What do you do in your life?
I enjoy arranging symbols through formal ideas, using a broad range of languages and paradigms. These symbols run and evolve in a time-dependant system, in order to solve problems and accomplish human goals.
When I see a problem, I feel an instinctive urge to solve it, whether it’s about technology, organization, relationships, or whatever. In my opinion, Problem Solving must be a formal process, where getting a lucid, testable, unbiased and non-emotional result is the goal.
I started working as a Mac Specialized Technician at the age of 17, in a small computer shop, where I developed some strong Troubleshooting and Repair skills and techniques. Everyday jobs also required me to manage Client Relationships and the Organization with my Colleagues, which were rather chaotic. Not that I was much better at the time anyway.
Some projects I started required me to learn about Servers, Storage and SAN solutions, while other were about medium-sized Networks and Distributed WLAN systems. The rest of the time was spent repairing Macs. Meanwhile, in my spare hours, I dedicated all my efforts into learning Windows Server, as well as GNU/Linux (I put the GNU part for those fussy people who want it), various Server platforms and much more stuff not really worth mentioning. In these years I created at home my own Rackmount Infrastructure with a bunch of old servers, just for fun. Later I discovered that I learned a lot of useful things from that.
Some free time was occupied by a meticulous study of the TCP/IP protocol stack, because I wanted to configure in my rack a Cisco Router, but it required advanced networking knowledge. My study followed the CCENP and CCNA certifications, even though I never took those exams because they aren’t cheap. After I purchased a powerful enough server, I decided to dig into Virtualization, with Xen and VMware. Some clients asked for support where configuring Firewalls was needed, and therefore I added a PFSense box to my collection of toys.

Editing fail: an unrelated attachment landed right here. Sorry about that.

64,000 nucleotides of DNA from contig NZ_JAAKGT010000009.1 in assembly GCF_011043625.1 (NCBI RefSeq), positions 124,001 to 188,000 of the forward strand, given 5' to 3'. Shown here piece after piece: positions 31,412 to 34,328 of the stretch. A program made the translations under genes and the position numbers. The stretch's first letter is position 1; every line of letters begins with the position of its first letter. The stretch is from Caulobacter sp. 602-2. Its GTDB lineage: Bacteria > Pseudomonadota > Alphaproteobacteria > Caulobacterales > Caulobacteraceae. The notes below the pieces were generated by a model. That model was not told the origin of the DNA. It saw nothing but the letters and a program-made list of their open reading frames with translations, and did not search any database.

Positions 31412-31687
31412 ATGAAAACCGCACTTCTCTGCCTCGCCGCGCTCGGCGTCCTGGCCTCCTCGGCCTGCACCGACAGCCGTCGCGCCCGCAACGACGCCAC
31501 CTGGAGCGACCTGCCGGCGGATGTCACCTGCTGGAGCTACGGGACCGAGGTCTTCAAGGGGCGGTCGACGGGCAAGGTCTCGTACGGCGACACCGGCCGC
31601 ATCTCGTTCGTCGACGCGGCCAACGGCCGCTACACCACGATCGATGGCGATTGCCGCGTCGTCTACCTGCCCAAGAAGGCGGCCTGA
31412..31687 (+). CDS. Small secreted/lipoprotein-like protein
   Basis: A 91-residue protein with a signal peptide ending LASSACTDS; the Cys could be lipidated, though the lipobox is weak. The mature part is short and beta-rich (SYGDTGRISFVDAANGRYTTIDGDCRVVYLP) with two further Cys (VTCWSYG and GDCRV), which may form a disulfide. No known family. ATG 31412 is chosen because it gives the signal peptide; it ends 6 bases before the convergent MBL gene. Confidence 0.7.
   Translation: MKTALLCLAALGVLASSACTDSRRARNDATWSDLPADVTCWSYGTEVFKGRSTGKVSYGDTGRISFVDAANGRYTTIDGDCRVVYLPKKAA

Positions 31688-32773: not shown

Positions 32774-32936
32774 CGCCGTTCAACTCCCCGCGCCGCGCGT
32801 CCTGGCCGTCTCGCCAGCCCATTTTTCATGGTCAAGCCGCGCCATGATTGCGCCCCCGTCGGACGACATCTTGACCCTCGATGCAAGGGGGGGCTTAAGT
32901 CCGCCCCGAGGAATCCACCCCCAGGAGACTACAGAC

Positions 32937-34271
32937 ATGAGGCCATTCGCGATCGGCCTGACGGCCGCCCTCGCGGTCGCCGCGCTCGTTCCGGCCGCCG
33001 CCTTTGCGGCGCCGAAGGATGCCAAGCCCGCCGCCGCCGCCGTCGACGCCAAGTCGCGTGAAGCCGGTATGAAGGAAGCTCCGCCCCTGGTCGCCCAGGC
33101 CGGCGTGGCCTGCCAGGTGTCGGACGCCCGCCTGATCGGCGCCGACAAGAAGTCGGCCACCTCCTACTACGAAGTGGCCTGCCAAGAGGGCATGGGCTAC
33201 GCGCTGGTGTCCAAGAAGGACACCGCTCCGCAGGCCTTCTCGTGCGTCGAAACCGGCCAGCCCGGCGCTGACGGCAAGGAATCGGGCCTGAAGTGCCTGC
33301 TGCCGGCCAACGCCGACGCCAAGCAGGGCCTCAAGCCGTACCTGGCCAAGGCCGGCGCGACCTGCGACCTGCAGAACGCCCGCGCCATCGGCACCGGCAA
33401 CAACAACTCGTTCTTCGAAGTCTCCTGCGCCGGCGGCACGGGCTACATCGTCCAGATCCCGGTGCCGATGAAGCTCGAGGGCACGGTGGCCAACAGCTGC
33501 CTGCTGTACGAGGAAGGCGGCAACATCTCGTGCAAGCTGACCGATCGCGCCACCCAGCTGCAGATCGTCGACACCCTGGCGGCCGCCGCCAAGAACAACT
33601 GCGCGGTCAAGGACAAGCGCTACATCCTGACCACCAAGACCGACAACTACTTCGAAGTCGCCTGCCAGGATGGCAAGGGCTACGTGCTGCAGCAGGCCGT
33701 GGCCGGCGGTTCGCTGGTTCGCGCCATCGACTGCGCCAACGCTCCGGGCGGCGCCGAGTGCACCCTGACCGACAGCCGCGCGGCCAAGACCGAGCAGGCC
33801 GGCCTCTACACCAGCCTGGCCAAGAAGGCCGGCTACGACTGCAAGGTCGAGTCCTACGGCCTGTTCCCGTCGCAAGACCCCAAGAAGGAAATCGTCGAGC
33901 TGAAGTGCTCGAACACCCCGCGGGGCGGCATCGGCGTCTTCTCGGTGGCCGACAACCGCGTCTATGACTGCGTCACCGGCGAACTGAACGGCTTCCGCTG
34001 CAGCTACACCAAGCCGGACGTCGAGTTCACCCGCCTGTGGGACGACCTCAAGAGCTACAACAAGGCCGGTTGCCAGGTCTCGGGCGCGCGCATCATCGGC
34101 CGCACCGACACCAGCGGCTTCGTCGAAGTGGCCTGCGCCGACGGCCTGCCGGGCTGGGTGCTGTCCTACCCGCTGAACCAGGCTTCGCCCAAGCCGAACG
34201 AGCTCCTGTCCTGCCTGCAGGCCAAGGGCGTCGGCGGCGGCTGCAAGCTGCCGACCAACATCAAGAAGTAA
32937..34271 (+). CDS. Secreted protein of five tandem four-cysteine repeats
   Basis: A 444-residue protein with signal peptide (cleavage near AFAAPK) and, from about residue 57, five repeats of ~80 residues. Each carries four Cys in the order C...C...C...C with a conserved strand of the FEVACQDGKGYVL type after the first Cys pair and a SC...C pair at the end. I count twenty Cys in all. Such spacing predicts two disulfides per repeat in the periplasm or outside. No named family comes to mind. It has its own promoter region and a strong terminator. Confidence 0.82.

As the years passed I did many different technical tasks in the shop, ranging from backup solutions to IP telephony, web and mail servers. I had the opportunity to re-create, organize and Manage the Laboratory multiple times, while developing and enhancing an interesting little software that would later become very important for me, LabManager.
Almost five years had me bored enough to leave the job and start university with my own money.
I can’t think of anything more useful in my existence than the university. Every course eventually taught me something useful, even if it wasn’t clear in the beginning. The math lessons are pretty useless for my job, but helped me gain the right approach for reaching verifiability and strong reasoning. Linear Algebra reinforced some abstraction skills. Digital Electronics gave me an advanced way to solve boolean networks and state machines. The programming and computer architecture courses were absolutely fantastic, and the teachers were excellent under every point of view; they gave us a deep understanding of the CPU that runs our useless programs, what operating systems actually do, how processes talk and spawn, and how to draw a teapot with OpenGL.
Software Engineering taught us to streamline the development process. Formal Requirement Analysis became the first thing I applied when developing TRIAD, as with a tight and structured approach to Architectural Design problems.
I learned to work with standard UML diagrams, Relational Databases, and other interesting technologies. Managing a project as large as TRIAD had me study also Project Management Systems, like GANTT and WBS diagrams.
The first programming language I learned was C, and that was damn difficult to learn without a proper teacher or deep computer knowledge. It took me months of effort with tiny results (I was like 14 or so). I remember using a Linux distribution for that, as well as I remember how tedious and frustrating it was.
Software development actually started in the shop, with the FileMaker Platform. It’s actually fun to use for a starter, less so for an advanced developer.
University ultimately shaped my knowledge of programming with some serious languages, including C, C++, Python, Java, but at the time of writing I prefer working with TypeScript and Go, as they feel more lightweight and modern for my use.
I now work as a freelance consultant for small to large businesses, managing my few good clients and working on several projects that involve software development, workflow management, server infrastructures, data management, websites.
In the recent years I had the cool opportunity to start doing lights and VJ for a local club. While I can confidently say that the results are way better than the normality, I still consider myself an amateur in the field.
The required equipment and software were a large expense, and the total time dedicated to learning how all that stuff worked was about 180 hours. It was worth it.